Hope For a New Turkey

Breaking international news has just announced that a military coup has taken place in Turkey to overthrow the democratically-elected president Erdogan. Details of the coup have not yet been revealed.

There has always been conflict between Erdogan and the Turkish military. Erdogan is an Islamist while the military is secularist. Erdogan’s policies have been highly un-democratic, imprisoning critics of his government, shutting down the free press, and punishing those who speak publicly condemning his regime.

The Turkish army has been a strong supporter of democratic government, free speech and free press. This has been so since Kemal Ataturk established the first Turkish republic after the fall of the Ottoman empire.

The army disagrees with Erdogan’s approach to ISIS, Hamas and other Islamic terror groups and sees the continuing Erdogan government as a dangerous threat to Turkey.

As I write these lines, the Turkish military has announced that it has taken control of the government and has imposed martial law on the country. This may indeed be a hopeful sign that there will be a new Turkey, faithful to freedom and democracy.

The word democracy has different meanings to different people. In Egypt, a Muslim Brotherhood member, Morsi, was democratically elected as President of Egypt only to be overthrown by army General al-Sissi who became the new Egyptian president. He respects democracy as we understand it. And relations with Egypt have been impressive to us under his administration.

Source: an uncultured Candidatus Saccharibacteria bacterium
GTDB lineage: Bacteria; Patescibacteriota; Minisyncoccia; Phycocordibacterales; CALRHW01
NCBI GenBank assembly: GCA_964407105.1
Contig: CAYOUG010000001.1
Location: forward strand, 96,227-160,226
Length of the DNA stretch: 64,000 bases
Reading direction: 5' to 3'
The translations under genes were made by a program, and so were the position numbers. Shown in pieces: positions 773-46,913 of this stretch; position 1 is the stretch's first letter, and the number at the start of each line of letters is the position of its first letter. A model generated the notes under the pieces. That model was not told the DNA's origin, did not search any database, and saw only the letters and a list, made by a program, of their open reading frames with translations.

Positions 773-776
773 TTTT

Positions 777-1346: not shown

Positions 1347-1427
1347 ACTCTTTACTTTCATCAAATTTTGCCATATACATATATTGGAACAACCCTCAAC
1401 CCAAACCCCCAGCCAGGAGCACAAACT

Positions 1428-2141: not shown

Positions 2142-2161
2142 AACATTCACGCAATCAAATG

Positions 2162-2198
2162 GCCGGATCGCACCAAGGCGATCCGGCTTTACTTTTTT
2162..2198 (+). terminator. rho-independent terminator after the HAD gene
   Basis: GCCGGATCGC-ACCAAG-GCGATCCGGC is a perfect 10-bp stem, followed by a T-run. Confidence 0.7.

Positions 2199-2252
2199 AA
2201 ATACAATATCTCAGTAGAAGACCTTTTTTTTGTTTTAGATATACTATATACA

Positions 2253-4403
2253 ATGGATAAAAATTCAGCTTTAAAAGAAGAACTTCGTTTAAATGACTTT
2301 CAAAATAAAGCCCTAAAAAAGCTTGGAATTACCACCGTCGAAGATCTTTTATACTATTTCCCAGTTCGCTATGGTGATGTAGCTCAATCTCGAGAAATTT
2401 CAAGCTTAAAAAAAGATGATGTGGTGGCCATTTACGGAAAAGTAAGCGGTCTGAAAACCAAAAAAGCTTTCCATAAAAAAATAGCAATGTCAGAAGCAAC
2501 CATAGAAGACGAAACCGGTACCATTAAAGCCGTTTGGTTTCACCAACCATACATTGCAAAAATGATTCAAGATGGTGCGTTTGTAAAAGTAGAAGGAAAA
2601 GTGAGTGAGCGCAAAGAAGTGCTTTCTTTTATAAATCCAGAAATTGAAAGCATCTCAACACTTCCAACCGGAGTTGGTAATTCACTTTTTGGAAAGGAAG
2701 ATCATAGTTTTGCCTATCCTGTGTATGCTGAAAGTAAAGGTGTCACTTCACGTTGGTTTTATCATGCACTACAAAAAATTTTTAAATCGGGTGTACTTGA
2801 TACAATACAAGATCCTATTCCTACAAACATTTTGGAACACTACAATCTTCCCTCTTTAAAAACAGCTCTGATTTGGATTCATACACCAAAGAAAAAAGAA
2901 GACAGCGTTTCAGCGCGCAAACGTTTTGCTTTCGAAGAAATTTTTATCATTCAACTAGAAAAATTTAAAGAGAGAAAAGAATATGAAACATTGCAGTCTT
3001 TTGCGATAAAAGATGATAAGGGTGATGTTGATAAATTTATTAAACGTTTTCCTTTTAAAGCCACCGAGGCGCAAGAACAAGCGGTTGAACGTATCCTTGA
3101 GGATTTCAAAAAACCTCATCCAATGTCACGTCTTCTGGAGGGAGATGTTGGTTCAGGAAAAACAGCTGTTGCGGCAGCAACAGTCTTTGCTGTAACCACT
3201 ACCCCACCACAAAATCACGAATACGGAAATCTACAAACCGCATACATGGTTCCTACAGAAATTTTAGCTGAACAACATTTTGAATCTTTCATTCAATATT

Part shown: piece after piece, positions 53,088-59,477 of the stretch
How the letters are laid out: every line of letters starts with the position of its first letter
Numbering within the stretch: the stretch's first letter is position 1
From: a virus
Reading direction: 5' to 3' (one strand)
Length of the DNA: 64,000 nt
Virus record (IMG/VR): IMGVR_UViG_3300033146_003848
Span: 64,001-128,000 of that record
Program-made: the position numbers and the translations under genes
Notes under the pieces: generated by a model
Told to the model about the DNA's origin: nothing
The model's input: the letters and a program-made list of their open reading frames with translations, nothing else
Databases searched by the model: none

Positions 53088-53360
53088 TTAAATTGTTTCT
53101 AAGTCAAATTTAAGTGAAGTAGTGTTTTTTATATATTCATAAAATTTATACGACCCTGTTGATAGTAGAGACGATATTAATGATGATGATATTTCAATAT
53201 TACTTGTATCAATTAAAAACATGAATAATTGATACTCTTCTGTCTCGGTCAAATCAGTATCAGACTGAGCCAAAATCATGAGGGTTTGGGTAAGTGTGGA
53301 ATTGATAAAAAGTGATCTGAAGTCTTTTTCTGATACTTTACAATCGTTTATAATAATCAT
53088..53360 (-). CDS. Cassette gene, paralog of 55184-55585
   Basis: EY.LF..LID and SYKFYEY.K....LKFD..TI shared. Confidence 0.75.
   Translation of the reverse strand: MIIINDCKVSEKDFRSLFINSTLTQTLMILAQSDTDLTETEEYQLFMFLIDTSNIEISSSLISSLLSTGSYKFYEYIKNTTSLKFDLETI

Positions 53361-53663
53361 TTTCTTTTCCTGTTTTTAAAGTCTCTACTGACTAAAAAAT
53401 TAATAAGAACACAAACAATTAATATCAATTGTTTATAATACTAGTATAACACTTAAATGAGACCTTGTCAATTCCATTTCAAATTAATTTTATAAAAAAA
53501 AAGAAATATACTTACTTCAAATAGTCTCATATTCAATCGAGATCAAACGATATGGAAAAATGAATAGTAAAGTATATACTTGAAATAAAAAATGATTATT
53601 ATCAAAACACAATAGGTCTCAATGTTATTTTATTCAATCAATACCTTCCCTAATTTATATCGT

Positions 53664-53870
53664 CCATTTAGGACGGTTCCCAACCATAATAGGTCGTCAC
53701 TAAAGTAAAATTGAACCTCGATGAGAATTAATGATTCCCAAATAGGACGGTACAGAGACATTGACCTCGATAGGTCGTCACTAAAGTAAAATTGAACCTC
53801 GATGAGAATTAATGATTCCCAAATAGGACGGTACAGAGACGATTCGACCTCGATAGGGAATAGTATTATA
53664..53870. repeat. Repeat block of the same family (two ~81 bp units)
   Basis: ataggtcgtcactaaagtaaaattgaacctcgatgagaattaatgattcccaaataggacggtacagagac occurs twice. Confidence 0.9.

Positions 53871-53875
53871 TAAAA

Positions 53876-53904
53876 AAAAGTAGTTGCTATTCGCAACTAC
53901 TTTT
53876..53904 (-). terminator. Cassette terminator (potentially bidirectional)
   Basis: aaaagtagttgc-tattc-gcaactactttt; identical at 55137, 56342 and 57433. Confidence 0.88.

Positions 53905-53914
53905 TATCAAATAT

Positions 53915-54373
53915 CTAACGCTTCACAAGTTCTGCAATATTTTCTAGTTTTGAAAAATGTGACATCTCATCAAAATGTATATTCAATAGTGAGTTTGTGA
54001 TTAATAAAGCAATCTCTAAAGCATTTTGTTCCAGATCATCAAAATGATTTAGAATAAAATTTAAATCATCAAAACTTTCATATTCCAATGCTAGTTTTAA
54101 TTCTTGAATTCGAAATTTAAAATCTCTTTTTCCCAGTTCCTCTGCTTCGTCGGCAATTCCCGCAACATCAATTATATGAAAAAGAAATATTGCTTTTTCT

So too, Erdogan was elected president of Turkey in a democratic election. So too was Hitler elected in a free election as Chancellor of the German Reich. And North Korea calls itself the Democratic government of the country.

Democracy can be defined by those who admire or despise it.

Recently, Turkey and Israel have signed a reconciliation pact. One hopes that the Turkish military will respect it.

For Americans, there is a very serious problem. Both Turkey and the USA are members of NATO. America has provided Turkey with tanks, aircraft, guns, ammunition and weapons for destruction. What will happen to those weapons now in the control of the Turkish military? Will they be used to protect the Turkish nation or will they be used against the Turkish people and the Kurds? Will they be used to help the Assad regime in Syria or will they be used to help the rebellious forces? These questions remain unanswered.

Today there are one million foreign tourists in Turkey. Hopefully the sudden military coup will not dampen their visit.

For us in Israel, this coup presents us with immensely serious problems. Will a new Turkish regime keep its word with regard to diplomatic and commercial relations with us?

It is too early to forecast any prophesies. One can only hope that the new Turkey will be free, truly democratic, and friendly to Israel.

About the Author
Esor Ben-Sorek is a retired professor of Hebrew, Biblical literature & history of Israel. Conversant in 8 languages: Hebrew, Yiddish, English, French, German, Spanish, Polish & Dutch. Very proud of being an Israeli citizen. A follower of Trumpeldor & Jabotinsky & Begin.
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